Then Eamonn enters the sisters’ lives. Son of a powerful political figure, he has his own birthright to live up to—or defy. Is he to be a chance at love? The means of Parvaiz’s salvation? Suddenly, two families’ fates are inextricably, devastatingly entwined, in this searing novel that asks: What sacrifices will we make in the name of love?

Home Fire is the first Shamsie book I’ve managed to finish, which is a shame because I love her actual sentences. She’s always lost me when she jumps settings/characters from one time point to another – I just lose interest. This novel is much more intimate, more compressed so I didn’t feel like I was starting over with each section. I wished I had more of the story from Isma’s point-of-view, though, because I found her perspective most interesting: she is the good daughter, the “good immigrant,” the one who raised her siblings, did everything right, got herself to graduate school in the US.  Her earnestness contrasts so much with the suspicion which all Muslims, especially those with familial ties to jihadists, etc., are viewed. It is a heart-breaking story about fanaticism on both sides of the terrorism divide, the hard-liners who create policies that condemn those who step out of line no matter which side of the divide you wish to escape or repent of. The last 20 pages or so are superb.

Shamsie borrowed the frame of Sophocles’s Antigone for her characters to rail against.  Now, don’t worry.  You don’t need to have read the play to understand what’s going on. I vaguely remembered Antigone from the Oedipus cycle and had no trouble with the plot of Home Fire. I did, however, read through the play after reading the novel and Shamsie did a wonderful modernization/retelling; the character parallels are very deftly done. I wouldn’t recommend the reverse, reading the play first if you haven’t already, since I think that might spoil a plot point or two.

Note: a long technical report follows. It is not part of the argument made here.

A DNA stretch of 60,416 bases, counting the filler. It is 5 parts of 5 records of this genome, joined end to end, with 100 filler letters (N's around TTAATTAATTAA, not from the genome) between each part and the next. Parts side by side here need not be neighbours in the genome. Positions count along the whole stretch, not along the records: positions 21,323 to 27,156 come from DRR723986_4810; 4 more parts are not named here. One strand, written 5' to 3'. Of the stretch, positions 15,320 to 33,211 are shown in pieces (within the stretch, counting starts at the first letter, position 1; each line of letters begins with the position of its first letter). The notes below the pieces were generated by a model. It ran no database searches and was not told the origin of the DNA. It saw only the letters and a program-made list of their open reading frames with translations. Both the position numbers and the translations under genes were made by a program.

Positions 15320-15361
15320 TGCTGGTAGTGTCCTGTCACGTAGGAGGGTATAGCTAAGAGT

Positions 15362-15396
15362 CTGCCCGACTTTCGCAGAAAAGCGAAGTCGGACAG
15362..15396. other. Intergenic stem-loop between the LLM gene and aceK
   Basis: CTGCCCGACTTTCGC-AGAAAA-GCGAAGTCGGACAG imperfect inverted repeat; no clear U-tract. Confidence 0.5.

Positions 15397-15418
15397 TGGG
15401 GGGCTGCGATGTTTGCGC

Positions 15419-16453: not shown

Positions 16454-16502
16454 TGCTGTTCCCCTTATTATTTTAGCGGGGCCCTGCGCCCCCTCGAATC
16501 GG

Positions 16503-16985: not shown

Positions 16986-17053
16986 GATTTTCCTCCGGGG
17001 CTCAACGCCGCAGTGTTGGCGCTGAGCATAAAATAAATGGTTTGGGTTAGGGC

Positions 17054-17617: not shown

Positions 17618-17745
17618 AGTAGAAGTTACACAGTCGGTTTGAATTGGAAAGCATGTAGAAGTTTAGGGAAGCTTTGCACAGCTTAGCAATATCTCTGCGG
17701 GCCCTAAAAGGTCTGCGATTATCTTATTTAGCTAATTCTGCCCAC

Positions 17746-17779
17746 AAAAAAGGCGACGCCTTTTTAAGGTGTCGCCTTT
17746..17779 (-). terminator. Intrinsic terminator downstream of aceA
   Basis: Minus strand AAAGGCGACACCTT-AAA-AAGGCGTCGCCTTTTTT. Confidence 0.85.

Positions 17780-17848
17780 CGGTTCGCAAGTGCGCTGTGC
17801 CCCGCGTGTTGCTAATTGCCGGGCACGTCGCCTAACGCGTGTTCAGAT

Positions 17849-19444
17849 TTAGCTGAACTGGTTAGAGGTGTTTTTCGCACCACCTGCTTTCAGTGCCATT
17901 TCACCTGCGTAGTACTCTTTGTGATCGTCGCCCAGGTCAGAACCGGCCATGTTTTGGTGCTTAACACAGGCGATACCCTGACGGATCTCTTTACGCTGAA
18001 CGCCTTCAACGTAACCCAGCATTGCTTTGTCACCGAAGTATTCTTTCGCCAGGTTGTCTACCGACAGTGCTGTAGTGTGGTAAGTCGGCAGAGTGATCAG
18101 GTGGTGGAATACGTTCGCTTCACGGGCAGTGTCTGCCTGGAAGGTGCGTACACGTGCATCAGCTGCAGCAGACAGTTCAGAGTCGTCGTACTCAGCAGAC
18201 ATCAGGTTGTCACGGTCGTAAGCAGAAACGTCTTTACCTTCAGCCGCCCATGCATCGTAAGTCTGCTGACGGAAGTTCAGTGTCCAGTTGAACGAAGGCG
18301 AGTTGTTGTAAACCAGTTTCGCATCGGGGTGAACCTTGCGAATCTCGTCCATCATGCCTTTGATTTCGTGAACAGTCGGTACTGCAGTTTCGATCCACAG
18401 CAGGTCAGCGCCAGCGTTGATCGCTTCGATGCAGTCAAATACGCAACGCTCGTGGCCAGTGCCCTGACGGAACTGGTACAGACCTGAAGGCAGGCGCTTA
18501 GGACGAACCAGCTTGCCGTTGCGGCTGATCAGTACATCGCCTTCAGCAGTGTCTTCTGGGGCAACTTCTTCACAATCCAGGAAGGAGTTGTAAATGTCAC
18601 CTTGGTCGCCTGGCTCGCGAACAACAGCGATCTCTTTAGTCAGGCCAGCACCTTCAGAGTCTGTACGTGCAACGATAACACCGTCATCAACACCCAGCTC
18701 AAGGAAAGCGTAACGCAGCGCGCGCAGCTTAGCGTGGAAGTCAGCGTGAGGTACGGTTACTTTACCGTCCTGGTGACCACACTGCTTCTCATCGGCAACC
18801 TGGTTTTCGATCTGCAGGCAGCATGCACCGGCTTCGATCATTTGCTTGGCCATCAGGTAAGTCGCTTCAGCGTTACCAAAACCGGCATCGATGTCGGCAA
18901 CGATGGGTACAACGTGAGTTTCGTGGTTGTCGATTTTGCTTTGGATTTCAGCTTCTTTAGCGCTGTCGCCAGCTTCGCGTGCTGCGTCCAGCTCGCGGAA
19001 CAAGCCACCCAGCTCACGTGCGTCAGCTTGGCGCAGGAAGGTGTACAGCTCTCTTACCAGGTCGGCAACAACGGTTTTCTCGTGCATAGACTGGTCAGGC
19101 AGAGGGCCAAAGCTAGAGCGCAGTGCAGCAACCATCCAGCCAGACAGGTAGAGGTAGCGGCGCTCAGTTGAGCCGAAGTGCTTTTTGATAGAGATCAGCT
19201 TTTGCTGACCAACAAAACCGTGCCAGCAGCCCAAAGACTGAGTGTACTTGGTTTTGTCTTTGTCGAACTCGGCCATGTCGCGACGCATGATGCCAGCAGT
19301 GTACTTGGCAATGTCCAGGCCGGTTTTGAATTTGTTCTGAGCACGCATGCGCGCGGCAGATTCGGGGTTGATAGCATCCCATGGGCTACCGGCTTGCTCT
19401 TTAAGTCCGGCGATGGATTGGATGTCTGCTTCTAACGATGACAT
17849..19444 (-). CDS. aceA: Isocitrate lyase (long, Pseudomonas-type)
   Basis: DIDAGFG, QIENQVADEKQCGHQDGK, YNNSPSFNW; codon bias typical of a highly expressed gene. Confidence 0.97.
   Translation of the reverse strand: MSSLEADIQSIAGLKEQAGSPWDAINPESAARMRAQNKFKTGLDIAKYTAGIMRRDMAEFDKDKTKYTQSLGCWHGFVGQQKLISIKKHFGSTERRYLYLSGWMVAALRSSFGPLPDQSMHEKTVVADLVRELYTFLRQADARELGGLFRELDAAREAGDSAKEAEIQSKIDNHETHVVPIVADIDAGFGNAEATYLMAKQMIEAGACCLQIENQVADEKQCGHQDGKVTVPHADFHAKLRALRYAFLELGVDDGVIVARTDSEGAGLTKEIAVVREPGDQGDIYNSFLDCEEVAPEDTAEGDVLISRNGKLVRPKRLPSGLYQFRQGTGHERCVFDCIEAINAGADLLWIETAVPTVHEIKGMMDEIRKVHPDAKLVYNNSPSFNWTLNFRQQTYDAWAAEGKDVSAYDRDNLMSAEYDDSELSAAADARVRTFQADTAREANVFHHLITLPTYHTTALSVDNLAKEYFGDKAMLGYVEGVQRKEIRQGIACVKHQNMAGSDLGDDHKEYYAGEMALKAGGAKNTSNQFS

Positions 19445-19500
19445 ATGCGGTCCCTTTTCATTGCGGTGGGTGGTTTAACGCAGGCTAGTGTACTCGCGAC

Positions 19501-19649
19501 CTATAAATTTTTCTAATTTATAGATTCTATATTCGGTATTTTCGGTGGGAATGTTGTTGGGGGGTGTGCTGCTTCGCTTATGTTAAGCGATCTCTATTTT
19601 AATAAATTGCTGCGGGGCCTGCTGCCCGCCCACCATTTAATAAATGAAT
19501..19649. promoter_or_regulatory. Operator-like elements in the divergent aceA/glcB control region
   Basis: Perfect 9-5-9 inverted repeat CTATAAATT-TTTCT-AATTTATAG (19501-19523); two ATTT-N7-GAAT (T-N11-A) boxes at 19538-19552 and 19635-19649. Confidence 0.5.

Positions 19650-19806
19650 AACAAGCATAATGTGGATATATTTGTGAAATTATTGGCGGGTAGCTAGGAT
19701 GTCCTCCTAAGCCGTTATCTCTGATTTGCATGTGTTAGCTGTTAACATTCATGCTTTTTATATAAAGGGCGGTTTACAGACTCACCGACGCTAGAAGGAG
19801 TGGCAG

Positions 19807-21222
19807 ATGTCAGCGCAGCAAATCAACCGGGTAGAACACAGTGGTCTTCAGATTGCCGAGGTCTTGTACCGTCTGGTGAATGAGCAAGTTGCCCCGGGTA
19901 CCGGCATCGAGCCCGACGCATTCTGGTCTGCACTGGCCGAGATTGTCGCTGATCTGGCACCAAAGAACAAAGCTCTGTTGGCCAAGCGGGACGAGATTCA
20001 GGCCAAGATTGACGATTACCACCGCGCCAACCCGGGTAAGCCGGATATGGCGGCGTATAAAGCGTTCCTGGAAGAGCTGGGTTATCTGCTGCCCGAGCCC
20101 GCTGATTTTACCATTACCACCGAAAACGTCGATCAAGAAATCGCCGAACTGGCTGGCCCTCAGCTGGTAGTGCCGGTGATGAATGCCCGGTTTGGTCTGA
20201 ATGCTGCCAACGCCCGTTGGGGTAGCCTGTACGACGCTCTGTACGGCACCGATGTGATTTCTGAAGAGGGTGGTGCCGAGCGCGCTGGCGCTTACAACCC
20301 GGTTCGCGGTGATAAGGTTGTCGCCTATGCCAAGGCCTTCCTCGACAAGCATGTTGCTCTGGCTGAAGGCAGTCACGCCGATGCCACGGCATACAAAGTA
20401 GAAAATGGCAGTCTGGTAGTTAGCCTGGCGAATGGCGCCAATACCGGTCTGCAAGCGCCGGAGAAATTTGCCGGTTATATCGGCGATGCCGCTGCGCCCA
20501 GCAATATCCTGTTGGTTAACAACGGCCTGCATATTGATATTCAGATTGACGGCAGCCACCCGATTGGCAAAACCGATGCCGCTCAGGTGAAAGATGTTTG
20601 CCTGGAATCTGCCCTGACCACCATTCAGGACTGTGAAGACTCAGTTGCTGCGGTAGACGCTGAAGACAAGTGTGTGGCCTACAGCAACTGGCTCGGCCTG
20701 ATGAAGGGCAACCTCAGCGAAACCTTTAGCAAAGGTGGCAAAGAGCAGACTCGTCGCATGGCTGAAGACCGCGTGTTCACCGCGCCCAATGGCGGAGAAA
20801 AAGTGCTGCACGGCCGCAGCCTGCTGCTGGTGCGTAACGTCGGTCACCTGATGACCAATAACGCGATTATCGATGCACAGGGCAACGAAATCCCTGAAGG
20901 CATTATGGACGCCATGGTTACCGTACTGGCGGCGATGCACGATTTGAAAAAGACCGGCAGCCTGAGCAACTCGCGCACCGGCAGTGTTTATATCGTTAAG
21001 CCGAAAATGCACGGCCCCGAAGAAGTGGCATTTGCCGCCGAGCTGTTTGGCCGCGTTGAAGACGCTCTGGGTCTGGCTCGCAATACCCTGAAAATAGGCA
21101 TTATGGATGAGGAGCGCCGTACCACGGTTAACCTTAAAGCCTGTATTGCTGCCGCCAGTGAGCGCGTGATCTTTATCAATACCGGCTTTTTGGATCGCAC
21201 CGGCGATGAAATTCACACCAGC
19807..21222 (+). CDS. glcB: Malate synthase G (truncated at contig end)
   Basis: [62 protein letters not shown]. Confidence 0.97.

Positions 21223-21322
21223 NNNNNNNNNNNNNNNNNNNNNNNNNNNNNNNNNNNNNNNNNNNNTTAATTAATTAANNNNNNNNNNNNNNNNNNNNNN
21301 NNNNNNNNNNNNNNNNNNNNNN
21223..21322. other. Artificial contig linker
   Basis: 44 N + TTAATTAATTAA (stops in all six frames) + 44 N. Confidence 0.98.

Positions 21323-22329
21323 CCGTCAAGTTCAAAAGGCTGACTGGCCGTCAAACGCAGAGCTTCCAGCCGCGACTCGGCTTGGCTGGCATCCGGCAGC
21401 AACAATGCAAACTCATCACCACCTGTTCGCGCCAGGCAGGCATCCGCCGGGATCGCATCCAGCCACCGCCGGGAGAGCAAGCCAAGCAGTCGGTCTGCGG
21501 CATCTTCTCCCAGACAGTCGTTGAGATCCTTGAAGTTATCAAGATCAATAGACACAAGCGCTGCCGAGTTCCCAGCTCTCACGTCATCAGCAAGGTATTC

Comment specific to the Man Booker 2017 longlist: this is the 3rd of the 13 longlisted books I’ve read, the other two being The Underground Railroad and Lincoln in the Bardo. While I liked this one a great deal, the other two destroyed me while I was reading them (one with raw power of truth through fiction, the other with exquisite rendering of language and setting). I’ve got the other long-listers on my reading list but Home Fire is in a runner-up position for me.

Dear FTC: I read a digital galley of this book from the publisher via Edelweiss (the Sophocles I already owned).